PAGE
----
'I cycled 10,000 miles despite the relentless pain of living with multiple sclerosis'

Her exhausted muscles ached as Lis van Lynden pedalled across the Peace Bridge in Londonderry at the end of a remarkable journey.

The 51-year-old had spent seven months of 2022 cycling the length and breadth of Great Britain, allowing herself just a short break before riding the coast of Ireland last year.

Her feat is all the more impressive given that she has battled relentless pain and fatigue while living with multiple sclerosis (MS) – and she even credits her feat with slowing the onset of her symptoms.

“It’s essential for me to keep doing these long-distance cycle rides,” says Lis, who decided to cycle 7,000 miles on her trusty bike Gertie to mark the 10th anniversary of her diagnosis.

“If I don’t move, my muscles start to seize up and I become a lot stiffer. Every time I cycle, I feel euphoric. When I’m in the saddle I’m pain free and don’t remember that I have MS.

“Having a positive mindset is crucial with this condition. Pushing yourself outside your comfort zone is where the magic takes place.”

Lis, who lives in Chiswick in West London, was diagnosed with MS in 2013 but, looking back, she believes the warning signs started five years earlier. She had suffered several months of debilitating fatigue in 2008, finding herself needing to sleep during the day, and by autumn 2012 had developed chronic migraines and neckache.

Then, in March 2013, Lis woke in the middle of the night with shooting pains down her arm, before losing all feeling on the right side of her body. “It was alarming because I lost my mother to lung cancer and that’s exactly how she was diagnosed – she became paralysed on her right side,” says Lis.

An MRI scan revealed two fused discs in her neck, which Lis believes was caused by a fall during a child- hood swimming lesson. Then, further tests found scarring on her nerves and by July she had received her MS diagnosis. The degenerative condition causes the immune system to attack the nerves in the brain and spine. There is currently no cure.

As her symptoms progressed, the pins and needles in Liz’s hand grew so severe she kept dropping plates and bowls. She stopped working as a teacher and tutor, and her marriage broke down.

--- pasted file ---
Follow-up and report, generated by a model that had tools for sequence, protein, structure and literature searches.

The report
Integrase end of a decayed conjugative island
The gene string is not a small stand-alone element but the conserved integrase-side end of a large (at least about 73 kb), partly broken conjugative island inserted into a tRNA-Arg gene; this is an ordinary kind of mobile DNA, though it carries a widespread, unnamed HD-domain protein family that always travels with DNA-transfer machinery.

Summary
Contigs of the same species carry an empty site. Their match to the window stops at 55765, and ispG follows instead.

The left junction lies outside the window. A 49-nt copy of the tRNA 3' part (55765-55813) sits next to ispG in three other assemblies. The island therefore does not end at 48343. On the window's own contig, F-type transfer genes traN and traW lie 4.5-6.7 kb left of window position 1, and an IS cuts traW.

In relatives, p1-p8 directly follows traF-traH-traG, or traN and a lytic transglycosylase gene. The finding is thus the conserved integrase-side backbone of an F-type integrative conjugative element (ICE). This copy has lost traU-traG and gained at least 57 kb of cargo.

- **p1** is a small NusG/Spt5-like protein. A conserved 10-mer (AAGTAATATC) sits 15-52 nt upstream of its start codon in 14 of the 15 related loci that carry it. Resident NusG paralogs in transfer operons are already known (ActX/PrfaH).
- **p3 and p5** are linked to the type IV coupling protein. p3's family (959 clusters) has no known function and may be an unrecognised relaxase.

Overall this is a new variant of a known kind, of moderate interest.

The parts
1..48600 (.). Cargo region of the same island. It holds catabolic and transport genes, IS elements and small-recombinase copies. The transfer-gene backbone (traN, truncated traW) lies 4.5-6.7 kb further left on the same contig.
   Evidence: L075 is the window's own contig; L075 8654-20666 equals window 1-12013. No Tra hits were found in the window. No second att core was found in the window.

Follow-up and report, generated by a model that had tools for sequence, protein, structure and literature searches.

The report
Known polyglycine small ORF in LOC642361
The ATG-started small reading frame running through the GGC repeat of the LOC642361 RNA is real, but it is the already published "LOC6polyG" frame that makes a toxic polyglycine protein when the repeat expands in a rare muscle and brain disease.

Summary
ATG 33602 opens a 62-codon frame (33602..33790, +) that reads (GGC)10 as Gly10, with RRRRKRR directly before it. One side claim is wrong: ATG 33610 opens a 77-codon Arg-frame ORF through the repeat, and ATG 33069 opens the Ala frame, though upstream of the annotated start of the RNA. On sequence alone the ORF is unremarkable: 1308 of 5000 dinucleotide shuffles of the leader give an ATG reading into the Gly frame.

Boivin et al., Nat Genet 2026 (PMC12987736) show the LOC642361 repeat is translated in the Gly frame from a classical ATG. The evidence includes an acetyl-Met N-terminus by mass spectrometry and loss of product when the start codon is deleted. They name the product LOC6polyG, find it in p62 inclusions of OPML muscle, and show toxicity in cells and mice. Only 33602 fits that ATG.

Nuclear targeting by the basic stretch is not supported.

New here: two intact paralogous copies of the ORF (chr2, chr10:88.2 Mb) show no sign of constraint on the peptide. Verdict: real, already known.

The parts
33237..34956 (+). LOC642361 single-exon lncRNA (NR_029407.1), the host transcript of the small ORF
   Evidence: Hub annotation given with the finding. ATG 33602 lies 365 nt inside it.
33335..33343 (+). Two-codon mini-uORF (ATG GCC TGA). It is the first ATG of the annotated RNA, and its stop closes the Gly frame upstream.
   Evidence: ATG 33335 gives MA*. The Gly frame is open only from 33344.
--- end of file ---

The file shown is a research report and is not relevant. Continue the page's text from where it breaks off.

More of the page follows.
“I struggled quite deeply with it for six years,” says Lis. “I was distraught after my marriage ended. I thought, how am I going to change my life?”

The answer came after a spur of the moment decision to cycle across London. “I felt euphoric,” says Lis. “I had no pain whatsoever – it was the best I had felt in years. If I had walked that distance, I would have been in real pain.”

Lis began cycling regularly around London, before an adventure travel book inspired her to try cycling around the coast of Great Britain in May 2022.

“I did hardly any training and made very few preparations,” says Lis. “I set off and promptly fell off the bike because it was so heavy. I had been practising on an empty bike, I was so naïve. My family had come to wave me off and the colour drained from their faces.

“I did 68 miles the first day and it nearly killed me. At that point I ripped up my schedule of how far I planned to cycle each day and decided to take as long as I wanted and really enjoy it,” adds Lis, who finally completed her journey on December 10. But riding back to London, she realised she was not ready for her adventure to end.

“I felt so free and healthy. I had dropped two dress sizes. I could see muscles that I never knew I had,” she says. “I thought, what is going to happen to me when I stop?”

The answer was to cycle around Ireland, a journey she completed at the end of last September.

“I had the time of my life and I’ve raised over £10,000 for the MS Trust,” says Lis. “My body needs a bit of a rest, but next it’s Loch Fynn to the Cairngorms National Park, before cycling all 15 national parks in the UK.”

Dr Claire Winchester, Head of Information and Engagement at the MS Trust, says exercise could lower the risk of those living with MS developing heart problems or low mood, and seems to reduce fatigue so they have more energy.

“In the past, doctors used to advise people with MS not to exercise, but to conserve their energy instead. Now the opposite advice is given.

“Although it might seem to be counter-productive, we now see evidence that regular exercise can help manage MS symptoms and stave off some of the worsening that would come with age and inactivity.

“It is an extraordinary feat for anyone, let alone someone affected by MS,” she adds. “While many with MS have profound disabilities that stopped them exercising, they may still find movement beneficial for coping with symptoms.”

Lis says: “I have learned so much about my body and how to live with my condition and cycling has been a huge part of that. Being diagnosed with MS is very frightening, but it is not the end of your life.

“MS has made me more aware of what is important and I feel more alive now than I have ever done.”

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